Dig Pink honors Iola woman
By Holly Neumann
The word cancer is all too familiar for Iola’s Janine Beauchaine.
She was honored Oct. 12 at Iola-Scandinavia High School during the annual Dig Pink volleyball match between the Iola-Scandinavia Thunderbirds and Rosholt Hornets.
“I was diagnosed for the first time in 1991,” Beauchaine said. “I had a sarcoma in the back of my leg.”
The emotions show on her face when she talks about hearing the words, “You have cancer,” for the first time.
“I remember thinking I am too young for this, get it out of me,” she said. “I didn’t want to die.”
Since then, Beauchaine has not only fought – and won – battles against Hodgkin’s lymphoma, lung cancer and two bouts of skin cancer.
“Each time I was told I had cancer, an unexplainable fear hit me to the core of my being,” she said. “I was afraid a dying, afraid for my family and what would happen to them. Who would take care of my kids? Who would take care of my husband? What would happen to the people around me if I died?”
Lung cancer was by far the hardest for her to fight.
“The chemotherapy was so strong and I had to have two-thirds of my right lung removed because of it,” she said. “The pain from surgery made it even harder.”
Beauchaine’s faith played a huge role in getting her through.
“I have very strong faith,” she said. “At one point, I remember asking my priest, ‘How could God to this to me?’ He told me God did not, that this is just part of being human, that God gives you the strength to get you through it.”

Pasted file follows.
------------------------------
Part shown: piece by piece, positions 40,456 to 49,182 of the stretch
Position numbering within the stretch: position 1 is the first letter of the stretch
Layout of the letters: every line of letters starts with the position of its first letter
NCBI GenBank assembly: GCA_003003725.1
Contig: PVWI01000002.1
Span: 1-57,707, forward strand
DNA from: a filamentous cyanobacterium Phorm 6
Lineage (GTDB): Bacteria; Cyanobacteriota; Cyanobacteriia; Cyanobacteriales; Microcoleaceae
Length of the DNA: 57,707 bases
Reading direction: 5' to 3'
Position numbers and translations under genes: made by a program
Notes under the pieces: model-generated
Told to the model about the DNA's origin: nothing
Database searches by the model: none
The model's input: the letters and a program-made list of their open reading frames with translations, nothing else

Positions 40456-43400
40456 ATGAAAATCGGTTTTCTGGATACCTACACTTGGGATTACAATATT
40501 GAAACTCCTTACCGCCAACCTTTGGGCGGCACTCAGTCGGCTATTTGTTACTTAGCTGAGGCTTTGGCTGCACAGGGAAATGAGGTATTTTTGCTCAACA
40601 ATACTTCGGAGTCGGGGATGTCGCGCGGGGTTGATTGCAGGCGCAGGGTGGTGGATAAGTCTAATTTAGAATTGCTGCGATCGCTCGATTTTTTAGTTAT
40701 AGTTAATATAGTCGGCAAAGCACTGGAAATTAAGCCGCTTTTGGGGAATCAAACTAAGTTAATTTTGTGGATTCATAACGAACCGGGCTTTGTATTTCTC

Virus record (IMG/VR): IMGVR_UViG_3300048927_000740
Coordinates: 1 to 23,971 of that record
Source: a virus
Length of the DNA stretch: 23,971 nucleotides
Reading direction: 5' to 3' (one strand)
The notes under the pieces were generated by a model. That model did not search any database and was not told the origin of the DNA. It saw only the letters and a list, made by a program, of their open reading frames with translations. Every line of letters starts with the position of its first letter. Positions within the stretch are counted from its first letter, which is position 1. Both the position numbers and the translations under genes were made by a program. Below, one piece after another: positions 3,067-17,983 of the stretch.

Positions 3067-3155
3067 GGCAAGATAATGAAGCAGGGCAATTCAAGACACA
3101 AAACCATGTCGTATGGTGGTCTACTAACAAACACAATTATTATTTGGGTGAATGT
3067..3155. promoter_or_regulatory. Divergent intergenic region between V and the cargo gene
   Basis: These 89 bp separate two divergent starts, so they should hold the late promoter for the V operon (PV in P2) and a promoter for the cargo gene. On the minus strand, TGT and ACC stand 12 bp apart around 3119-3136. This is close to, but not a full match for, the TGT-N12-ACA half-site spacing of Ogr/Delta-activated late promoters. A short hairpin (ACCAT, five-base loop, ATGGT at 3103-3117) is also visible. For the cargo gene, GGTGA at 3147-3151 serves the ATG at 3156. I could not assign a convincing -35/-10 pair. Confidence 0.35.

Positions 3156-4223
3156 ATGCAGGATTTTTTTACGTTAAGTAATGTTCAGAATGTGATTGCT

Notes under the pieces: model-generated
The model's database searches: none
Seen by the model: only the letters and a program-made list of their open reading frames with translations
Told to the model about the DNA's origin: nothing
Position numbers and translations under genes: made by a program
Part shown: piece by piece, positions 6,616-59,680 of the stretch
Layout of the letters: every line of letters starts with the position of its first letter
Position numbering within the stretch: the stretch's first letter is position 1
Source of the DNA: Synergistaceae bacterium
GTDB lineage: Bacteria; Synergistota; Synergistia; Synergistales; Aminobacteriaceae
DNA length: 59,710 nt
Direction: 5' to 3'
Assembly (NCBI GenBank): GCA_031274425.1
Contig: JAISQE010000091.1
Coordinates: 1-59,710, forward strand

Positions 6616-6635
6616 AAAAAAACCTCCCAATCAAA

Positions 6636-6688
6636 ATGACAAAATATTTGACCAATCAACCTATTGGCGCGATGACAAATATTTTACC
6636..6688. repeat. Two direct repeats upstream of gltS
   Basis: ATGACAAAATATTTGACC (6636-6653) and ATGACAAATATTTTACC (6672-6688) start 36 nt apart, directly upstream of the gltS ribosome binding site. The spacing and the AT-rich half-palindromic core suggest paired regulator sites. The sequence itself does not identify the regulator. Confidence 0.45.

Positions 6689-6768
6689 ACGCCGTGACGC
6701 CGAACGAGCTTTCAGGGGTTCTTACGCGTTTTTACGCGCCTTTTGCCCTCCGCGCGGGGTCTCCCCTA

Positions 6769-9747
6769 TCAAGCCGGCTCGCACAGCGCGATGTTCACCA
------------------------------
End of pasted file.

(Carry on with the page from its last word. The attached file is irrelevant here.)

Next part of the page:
The words empowered Beauchaine to fight that much harder.
“I envisioned God holding me in his hands,” she said. “That was how I was going to heal.”
Her family, friends and community also played a part.
“We have an amazing support system here,” Beauchaine said. “You learn rather quickly that you are not alone. So many people have been so helpful, which makes it not so hard for you.”
The volleyball teams honored Beauchaine and other cancer survivors at the match while also raising awareness about breast cancer.
“I am humbled by it all,” she said. “Our youth are doing a great thing with this event. I am glad I can be a part of it. Just knowing that I did not have to fight alone was huge for me.”
Beauchaine has been in remission for eight years.
“I still have to go in every six months for follow-up checkups,” she said. “Every time I go in there is a lot of anxiety involved, but I am a fighter.”
She offered advice to friends and family of those fighting the disease.
“Be supportive and listen,” she said. “Sometimes people don’t always want to talk, but just need someone to listen.”
To those fighting the battle right now, Beauchaine has these words of wisdom:
“Whatever you are going through, you don’t have to look very far to find something worse,” she said. “Keep things in perspective. You have to deal with it, find your support system and have a positive attitude. Remember, each day is a gift.”